Wood flooring systems were once exclusively nailed or glued down, which required specialized tools, materials and expertise. Today, wood flooring can also be purchased in kits that are designed to sit unattached to the subfloor, with the boards locking together to form the surface. These "floating floors" are much easier to install, snapping together like puzzle pieces. One top brand of "floating floor" is Rapid Loc, which, like other floating floors, is pre-finished and ready to use as soon as it’s laid.
Things You'll Need
- Foam underlay (in rolls)
- Plastic tape for underlay
- Utility knife
- Rapid Loc glue-less hardwood floor kit
- Miter saw
- Table saw
- Tape measure
- Floor trim
- Trim nails
Roll out the first course of foam underlay alongside the longest wall in the room. Cut it at the end with a utility knife to fit. Repeat for the next course and the next, laying them all side by side. Apply long strips of plastic underlay tape on the seams, taping the courses together. Cover the entire floor in this fashion.
Snap together the starting row of Rapid Loc floorboards, setting them next to the same wall where you started the underlay. Set shims between the boards and the wall so there is a space to allow the floor to move over time. Cut the last board in the course on a miter saw so it fits next to the side wall.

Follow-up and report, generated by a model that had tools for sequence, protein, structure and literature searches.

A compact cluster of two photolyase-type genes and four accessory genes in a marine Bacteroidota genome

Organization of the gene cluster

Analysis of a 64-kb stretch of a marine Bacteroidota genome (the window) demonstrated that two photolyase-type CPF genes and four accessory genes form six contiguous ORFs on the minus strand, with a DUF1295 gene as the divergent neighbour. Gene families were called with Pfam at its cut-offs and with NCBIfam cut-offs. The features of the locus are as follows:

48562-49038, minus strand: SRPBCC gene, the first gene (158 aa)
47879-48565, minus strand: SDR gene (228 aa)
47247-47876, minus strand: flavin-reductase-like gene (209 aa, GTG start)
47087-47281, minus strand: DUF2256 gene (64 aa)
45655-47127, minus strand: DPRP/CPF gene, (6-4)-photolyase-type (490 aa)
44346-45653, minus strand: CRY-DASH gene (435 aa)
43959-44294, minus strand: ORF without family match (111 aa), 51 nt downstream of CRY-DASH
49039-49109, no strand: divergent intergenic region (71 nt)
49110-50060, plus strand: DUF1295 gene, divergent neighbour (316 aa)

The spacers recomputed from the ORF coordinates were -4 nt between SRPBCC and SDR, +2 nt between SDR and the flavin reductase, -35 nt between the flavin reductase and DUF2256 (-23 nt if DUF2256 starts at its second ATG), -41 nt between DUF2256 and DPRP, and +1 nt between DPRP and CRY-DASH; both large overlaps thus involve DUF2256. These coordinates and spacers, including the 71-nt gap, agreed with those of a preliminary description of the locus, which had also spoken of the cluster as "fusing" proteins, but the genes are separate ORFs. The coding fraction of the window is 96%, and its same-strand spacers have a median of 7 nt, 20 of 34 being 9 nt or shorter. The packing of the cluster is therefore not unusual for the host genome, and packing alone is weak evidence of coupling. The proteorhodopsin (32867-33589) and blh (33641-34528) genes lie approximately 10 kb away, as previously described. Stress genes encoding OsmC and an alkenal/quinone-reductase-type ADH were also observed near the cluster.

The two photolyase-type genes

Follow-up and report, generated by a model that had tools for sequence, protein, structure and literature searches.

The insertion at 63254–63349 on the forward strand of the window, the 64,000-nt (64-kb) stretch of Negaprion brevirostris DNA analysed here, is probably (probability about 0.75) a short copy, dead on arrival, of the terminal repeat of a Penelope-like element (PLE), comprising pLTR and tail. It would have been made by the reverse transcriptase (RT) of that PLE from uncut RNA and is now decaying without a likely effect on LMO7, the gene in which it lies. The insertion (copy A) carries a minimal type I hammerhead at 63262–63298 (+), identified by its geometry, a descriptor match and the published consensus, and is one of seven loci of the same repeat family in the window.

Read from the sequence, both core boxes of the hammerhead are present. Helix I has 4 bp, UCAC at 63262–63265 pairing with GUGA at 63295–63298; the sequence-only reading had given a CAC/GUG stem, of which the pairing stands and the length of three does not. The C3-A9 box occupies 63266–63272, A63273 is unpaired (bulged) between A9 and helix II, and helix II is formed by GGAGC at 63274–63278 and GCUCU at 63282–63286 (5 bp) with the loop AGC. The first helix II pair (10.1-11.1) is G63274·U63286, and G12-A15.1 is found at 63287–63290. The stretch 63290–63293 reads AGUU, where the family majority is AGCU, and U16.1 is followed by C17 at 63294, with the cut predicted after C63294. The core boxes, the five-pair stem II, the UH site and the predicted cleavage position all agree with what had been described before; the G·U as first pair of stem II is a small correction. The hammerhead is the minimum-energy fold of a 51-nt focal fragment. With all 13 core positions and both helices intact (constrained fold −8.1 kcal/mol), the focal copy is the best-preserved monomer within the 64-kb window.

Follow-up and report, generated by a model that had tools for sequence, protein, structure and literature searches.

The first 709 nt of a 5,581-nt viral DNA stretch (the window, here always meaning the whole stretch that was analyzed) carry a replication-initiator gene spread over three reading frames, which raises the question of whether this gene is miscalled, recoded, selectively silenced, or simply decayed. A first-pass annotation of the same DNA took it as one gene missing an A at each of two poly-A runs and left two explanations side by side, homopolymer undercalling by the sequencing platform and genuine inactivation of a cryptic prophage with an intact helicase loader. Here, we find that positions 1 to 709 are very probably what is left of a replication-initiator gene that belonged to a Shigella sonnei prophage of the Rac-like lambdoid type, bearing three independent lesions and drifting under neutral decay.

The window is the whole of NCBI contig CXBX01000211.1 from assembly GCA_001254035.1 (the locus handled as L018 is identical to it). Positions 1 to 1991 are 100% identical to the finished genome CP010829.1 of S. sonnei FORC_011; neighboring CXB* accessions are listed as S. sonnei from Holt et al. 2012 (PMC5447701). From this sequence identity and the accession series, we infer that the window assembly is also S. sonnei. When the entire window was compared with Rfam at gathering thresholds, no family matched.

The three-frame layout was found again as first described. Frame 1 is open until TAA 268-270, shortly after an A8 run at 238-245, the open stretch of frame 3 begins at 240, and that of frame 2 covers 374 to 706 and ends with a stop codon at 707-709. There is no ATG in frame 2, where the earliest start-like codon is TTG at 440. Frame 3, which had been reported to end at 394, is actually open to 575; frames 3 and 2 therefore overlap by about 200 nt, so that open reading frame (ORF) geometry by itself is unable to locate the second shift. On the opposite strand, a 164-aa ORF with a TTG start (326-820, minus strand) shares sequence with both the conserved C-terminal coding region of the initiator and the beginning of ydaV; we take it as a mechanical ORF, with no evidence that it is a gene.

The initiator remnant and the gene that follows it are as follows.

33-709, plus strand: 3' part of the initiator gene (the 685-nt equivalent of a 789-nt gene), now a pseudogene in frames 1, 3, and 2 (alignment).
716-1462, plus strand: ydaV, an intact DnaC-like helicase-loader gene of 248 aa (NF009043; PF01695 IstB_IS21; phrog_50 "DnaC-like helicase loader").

Lay your subsequent courses of Rapid Loc floorboards in the same manner, this time locking them together at the sides with the previous course as well as at the ends. Push each new board tightly against the one next to it. Cut the boards at the ends as necessary.
Build the floor across the room. For the final course, cut each board lengthwise so it will sit by the last wall with a small space left there (approximately 1/4 inch).
Measure and cut floor trim for each side of the floor using your miter saw. Affix it with your hammer and trim nails. The trim should cover the spaces by the walls while holding down the floorboards.
Tips & Warnings
- If the Rapid Loc boards don’t go tightly together while you're laying the courses, try setting a scrap of cut floorboard alongside the edge of the board and tapping it with your hammer to get it to lock properly.
- Photo Credit Pattern of wood - can be used as background image by Elnur from Fotolia.com
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